If you are experiencing problems with your RV air conditioner that cannot be resolved by these methods, then it is recommended to have a service technician come out and diagnose if there is an issue with the actual AC unit itself.
Why Are RV Air Conditioners So Loud?
RVs have been made bigger over time, which means they need more powerful air conditioners to keep up with their demands which is why there’s such a big difference in sound level between older models and new ones.
RV air conditioners are inherently louder than a home cooling system for a few reasons:
- Vibration – Like any appliance in your RV, the vibration of being on the road makes more noise. Just as stove burners rattle in an RV and not at home, air conditioners get additional noisiness just with the vibrations of being in motion.
- Space – Everything in an RV sounds a little bit louder because you are in a relatively small space.
- Size – As mentioned above, larger RVs require larger air conditioning units. Larger units require larger compressors and larger compressors get louder.
Just How Loud Are RV Air Conditioners?
An average RV air conditioner runs at about 55 to 75 decibels – a scale on par with a microwave at the low end or a kitchen exhaust fan on high at the high end. If it sounds as loud as a window air conditioner (80-89 dB), that is getting to a range that is harmful to hearing.
When to Call a Professional About an RV Air Conditioner?
If your AC noise is getting to the point that you know something is wrong and you can’t identify the issue or troubleshot the ideas we covered, it may be time to call a professional.
The following is a list of times when you should contact an HVAC professional to inspect, diagnose and repair your RV air conditioner:
- Can’t identify the problem – If you can’t identify the issue that is causing the noise or have troubleshot the ideas we covered in this post. And there’s no obvious reason for the noise coming from your AC unit in the first place, call a professional to diagnose the issue.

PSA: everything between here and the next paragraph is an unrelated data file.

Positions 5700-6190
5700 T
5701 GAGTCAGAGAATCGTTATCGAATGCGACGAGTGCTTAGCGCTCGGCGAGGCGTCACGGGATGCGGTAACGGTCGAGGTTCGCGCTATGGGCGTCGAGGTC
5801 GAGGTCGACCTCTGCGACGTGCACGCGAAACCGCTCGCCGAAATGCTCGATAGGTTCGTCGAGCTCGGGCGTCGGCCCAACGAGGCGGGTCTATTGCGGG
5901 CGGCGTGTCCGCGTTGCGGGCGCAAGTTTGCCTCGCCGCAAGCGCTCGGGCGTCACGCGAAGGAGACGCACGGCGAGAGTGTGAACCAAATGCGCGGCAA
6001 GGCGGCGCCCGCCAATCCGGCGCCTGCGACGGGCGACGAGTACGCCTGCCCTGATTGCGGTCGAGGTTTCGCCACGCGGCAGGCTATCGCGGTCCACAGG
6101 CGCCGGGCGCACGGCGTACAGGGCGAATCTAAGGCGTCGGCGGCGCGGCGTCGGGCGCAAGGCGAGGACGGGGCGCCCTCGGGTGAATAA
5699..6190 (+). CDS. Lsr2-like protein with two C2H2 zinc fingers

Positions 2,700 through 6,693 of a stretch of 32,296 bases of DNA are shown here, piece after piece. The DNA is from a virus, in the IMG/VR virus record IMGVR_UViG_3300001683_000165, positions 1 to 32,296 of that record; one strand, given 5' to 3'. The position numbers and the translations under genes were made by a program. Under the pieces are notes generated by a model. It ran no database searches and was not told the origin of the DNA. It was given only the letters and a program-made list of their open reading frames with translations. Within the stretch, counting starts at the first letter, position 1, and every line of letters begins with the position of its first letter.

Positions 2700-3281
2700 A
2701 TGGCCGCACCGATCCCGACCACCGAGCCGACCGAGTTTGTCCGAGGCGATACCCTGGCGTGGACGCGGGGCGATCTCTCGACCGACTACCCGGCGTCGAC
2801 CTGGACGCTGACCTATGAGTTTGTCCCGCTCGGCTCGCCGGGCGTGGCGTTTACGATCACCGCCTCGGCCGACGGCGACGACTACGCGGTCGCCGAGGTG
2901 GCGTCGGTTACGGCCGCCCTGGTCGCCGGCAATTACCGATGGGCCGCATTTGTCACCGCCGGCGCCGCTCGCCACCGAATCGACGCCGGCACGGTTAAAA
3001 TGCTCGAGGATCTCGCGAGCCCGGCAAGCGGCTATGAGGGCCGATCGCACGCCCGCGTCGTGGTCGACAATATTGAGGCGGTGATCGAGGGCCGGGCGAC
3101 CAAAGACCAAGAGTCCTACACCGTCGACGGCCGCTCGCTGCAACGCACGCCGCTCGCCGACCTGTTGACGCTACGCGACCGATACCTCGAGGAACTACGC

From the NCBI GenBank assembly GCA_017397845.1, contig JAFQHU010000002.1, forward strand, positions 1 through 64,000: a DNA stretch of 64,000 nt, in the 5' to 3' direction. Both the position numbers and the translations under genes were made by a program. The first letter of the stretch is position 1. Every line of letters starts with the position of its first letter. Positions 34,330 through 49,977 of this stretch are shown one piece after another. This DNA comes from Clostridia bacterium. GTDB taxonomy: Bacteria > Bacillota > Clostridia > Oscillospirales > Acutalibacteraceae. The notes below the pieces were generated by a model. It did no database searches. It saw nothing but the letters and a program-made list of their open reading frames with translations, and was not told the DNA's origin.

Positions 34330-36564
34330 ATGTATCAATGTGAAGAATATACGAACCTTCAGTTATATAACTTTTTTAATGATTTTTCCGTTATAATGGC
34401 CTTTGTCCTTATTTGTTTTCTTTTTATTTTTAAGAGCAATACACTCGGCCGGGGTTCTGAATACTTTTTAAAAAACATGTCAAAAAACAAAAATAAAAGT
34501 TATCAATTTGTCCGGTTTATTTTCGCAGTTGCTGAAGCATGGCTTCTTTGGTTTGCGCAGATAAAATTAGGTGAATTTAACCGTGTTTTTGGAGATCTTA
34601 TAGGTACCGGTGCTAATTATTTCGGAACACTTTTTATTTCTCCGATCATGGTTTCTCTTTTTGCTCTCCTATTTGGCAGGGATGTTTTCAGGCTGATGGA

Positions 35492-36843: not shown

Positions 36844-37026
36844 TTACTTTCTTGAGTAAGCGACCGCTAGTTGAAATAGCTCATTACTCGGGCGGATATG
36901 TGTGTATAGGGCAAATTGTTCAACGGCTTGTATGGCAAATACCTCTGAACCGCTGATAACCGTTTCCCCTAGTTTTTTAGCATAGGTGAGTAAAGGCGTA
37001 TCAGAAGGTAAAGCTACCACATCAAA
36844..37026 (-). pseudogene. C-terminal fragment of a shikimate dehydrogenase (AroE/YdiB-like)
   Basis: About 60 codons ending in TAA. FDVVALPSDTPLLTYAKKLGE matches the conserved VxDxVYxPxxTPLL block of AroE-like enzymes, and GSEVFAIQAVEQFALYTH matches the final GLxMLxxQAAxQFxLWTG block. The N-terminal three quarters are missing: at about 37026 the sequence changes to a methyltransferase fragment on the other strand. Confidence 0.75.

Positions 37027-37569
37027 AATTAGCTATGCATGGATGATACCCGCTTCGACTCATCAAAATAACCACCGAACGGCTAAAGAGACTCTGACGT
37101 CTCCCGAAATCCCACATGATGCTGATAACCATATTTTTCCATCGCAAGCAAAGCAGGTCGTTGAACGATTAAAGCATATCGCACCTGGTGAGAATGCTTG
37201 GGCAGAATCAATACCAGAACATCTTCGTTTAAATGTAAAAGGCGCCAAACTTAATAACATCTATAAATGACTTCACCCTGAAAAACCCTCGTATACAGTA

- Electrical work needed – If you can identify an issue with the electrical wiring and do not have experience in electrical work, it may be best to call a professional.
- Not just loud, but also smelly – It may be time to call a professional if your RV air conditioner starts making unusual noises and emitting an unpleasant smell when it turns on. This could mean there’s something wrong with your AC unit itself.
And, lastly, if you’re not handy don’t have time to learn, there are professionals who do this for a living!
Finding A Quiet RV AC If You Need A Replacement
If you end up needing to replace your RV’s air conditioner, there are a few ways you can go about searching for a quieter option.
You can find a quiet RV AC option by doing the following things:
- Ask around. Whether it’s fellow RV owners or people who work at campgrounds near where you live, many of these people can offer their tried-and-true recommendations.
- Read the reviews before making a purchase. If you’re looking at reviews, keep in mind that the noise level for an air conditioner will depend on the location of your RV and how it’s oriented to take advantage of prevailing winds – not every product is going to be ideal for all RVs.
- Search online. A lot of air conditioning manufacturers will have a section on their websites dedicated to customer reviews, or you can do an internet search with the terms “quiet RV ac” if you want something specific according to your type of RV (i.e., fifth wheel, travel trailer).
- Visit local dealerships in person as well. Many times they will provide quotes over the phone before coming into the store, which is helpful when trying out lots of different models at once! And remember that most retailers offer warranties that last up to five years on new products; this applies even if it’s not purchased through them.
- Walk around a campsite on a hot day. Take a stroll and note which RVs have roaring beasts on the roof and which ones seem to give off more of a gentle purr. It’s worth a knock on a few doors to find out what type of AC unit they’re running.
There are always plenty of options when shopping for a new RV air conditioner; hopefully, this article gives you everything you need to know about finding one that meets your needs.
In Summary: Seven Steps to Quiet Your RV’s AC
You’ve now learned how to fix your RV AC noise problem. Now you can enjoy the peace of a cool, silent home on wheels! With the seven steps, we covered it should be easy to quickly check off which problems could be the culprit and get to solving the issues causing the noise.
Many times, you can simply fix your RV AC’s loud noise problem by installing insulation, replacing a faulty motor, or buying an RV air conditioner cover.